Beyond that, we have a great partnership with Omni Hotels on a couple of projects coming up as well.

We are also far down the road on a pair of new spots slated for the next 16 months. We also plan on moving into a small niche retail business that has been in development for years.

So, in brief, I'd love to expand beyond it someday but right now it's all food and beverage!

Nick exploring his forthcoming restaurant, Town Hearth, in Dallas' Design District.

MA: Do you expect to move beyond the bounds of North Texas? Or is this home now?

NB: North Texas is such a big place with tons of great customers and neighborhoods. Not to mention that it's growing at such an amazing clip.

We certainly have eyes on opportunities in other markets but our plans are really about keeping it close to home.

MA: You're about to open Town Hearth. Can you share a little more about the concept?

NB: We are really excited about it. It's our biggest project to date. We've been putting it together for a couple of years.

The soul of the place radiates from the wood burning grills and oven. It's a wood-fueled, premium protein-centric throwback kind of spot.

A mixed tape of big flavors, big meats prepared in a straightforward and very primal manner.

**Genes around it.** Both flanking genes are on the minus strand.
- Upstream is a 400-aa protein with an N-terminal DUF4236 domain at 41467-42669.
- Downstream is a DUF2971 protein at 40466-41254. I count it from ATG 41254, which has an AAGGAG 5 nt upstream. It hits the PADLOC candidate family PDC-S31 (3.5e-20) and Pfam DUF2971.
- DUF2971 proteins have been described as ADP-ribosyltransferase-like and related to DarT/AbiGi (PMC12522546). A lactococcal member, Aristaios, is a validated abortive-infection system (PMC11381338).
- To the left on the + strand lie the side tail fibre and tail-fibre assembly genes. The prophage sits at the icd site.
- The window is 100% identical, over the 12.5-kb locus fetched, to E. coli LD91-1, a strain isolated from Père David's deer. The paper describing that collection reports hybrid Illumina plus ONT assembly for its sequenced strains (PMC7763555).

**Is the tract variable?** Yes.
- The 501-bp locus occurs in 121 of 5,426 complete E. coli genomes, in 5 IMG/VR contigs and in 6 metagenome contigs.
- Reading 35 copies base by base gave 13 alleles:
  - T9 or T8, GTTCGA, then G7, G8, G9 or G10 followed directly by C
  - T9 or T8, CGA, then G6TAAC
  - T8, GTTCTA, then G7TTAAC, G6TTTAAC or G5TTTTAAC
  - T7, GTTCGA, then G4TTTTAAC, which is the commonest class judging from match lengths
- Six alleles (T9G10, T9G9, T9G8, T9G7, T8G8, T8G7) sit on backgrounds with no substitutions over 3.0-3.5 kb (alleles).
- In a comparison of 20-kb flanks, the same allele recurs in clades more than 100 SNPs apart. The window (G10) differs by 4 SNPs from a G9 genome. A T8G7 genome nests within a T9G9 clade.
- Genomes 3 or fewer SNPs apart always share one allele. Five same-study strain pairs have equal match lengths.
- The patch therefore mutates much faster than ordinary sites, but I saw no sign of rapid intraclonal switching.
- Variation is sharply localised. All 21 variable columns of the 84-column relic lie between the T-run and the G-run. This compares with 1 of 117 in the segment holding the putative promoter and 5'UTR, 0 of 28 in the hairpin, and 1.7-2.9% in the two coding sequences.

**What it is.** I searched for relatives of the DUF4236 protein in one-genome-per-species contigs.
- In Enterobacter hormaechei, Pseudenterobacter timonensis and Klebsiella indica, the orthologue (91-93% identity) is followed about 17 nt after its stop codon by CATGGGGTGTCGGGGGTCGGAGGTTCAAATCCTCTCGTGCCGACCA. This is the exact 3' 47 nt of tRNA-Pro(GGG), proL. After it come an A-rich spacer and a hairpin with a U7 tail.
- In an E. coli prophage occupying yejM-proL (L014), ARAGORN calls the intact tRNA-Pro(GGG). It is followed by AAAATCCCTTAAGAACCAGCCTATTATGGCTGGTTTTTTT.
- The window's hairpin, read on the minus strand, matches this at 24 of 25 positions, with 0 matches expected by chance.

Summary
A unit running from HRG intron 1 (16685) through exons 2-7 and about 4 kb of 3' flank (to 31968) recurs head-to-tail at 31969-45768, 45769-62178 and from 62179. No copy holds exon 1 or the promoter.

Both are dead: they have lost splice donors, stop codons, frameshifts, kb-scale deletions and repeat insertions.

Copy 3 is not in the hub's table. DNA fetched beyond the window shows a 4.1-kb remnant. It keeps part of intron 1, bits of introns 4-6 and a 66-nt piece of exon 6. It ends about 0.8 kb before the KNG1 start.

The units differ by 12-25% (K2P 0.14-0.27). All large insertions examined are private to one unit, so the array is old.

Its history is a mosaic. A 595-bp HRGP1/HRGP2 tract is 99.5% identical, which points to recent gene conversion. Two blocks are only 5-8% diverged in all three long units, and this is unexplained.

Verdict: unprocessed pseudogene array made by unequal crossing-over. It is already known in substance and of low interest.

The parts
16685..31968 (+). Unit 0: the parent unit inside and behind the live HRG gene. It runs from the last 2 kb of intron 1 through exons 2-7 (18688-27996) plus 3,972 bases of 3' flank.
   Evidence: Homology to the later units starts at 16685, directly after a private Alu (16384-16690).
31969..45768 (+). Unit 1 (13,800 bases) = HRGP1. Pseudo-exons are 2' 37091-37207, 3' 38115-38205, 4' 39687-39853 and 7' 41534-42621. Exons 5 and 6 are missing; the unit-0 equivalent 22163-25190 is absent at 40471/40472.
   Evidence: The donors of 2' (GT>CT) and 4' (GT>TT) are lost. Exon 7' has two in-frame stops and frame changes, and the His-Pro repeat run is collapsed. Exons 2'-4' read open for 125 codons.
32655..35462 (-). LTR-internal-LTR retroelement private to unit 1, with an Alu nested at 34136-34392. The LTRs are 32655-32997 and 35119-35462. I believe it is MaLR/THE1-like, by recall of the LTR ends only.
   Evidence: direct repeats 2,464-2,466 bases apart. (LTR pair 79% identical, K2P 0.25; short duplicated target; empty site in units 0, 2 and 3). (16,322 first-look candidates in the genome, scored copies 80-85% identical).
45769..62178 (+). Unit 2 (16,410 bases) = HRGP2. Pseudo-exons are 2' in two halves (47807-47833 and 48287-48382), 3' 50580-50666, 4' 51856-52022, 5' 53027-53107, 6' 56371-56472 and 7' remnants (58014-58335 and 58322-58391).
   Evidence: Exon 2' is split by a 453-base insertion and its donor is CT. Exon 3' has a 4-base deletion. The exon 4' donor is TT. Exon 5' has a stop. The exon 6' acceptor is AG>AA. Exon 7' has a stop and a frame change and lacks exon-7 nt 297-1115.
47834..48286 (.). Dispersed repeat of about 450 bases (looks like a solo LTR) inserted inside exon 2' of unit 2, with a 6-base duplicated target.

The room is an intersection of refined and rustic that oozes personality. Vintage touchstones. Concrete slurry finished walls. Soapstone surfaces. 3-inch thick reclaimed East Texas heart pine table tops sourced from an armory in Texarkana. A couple of motorcycles. A '61 MG. Racing red leather booths. And, of course, a 2000 gallon fish tank.

So, you know, the basics.

A couple of motorcycles. A '61 MG. Racing red leather booths. And, of course, a 2000 gallon fish tank. So, you know, the basics.

The drinks assortment is red wine heavy, whiskey-forward and classically oriented.
The team is natty styled in custom shirts by the fine folks at Rye 51. (Editor's note: Oh, hey. That's us.)

We cannot wait to get cooking and taking care of customers.

MA: Well, Nick, thank you for being our guest for our inaugural release. We hope to have you back one day.

Nick Badovinus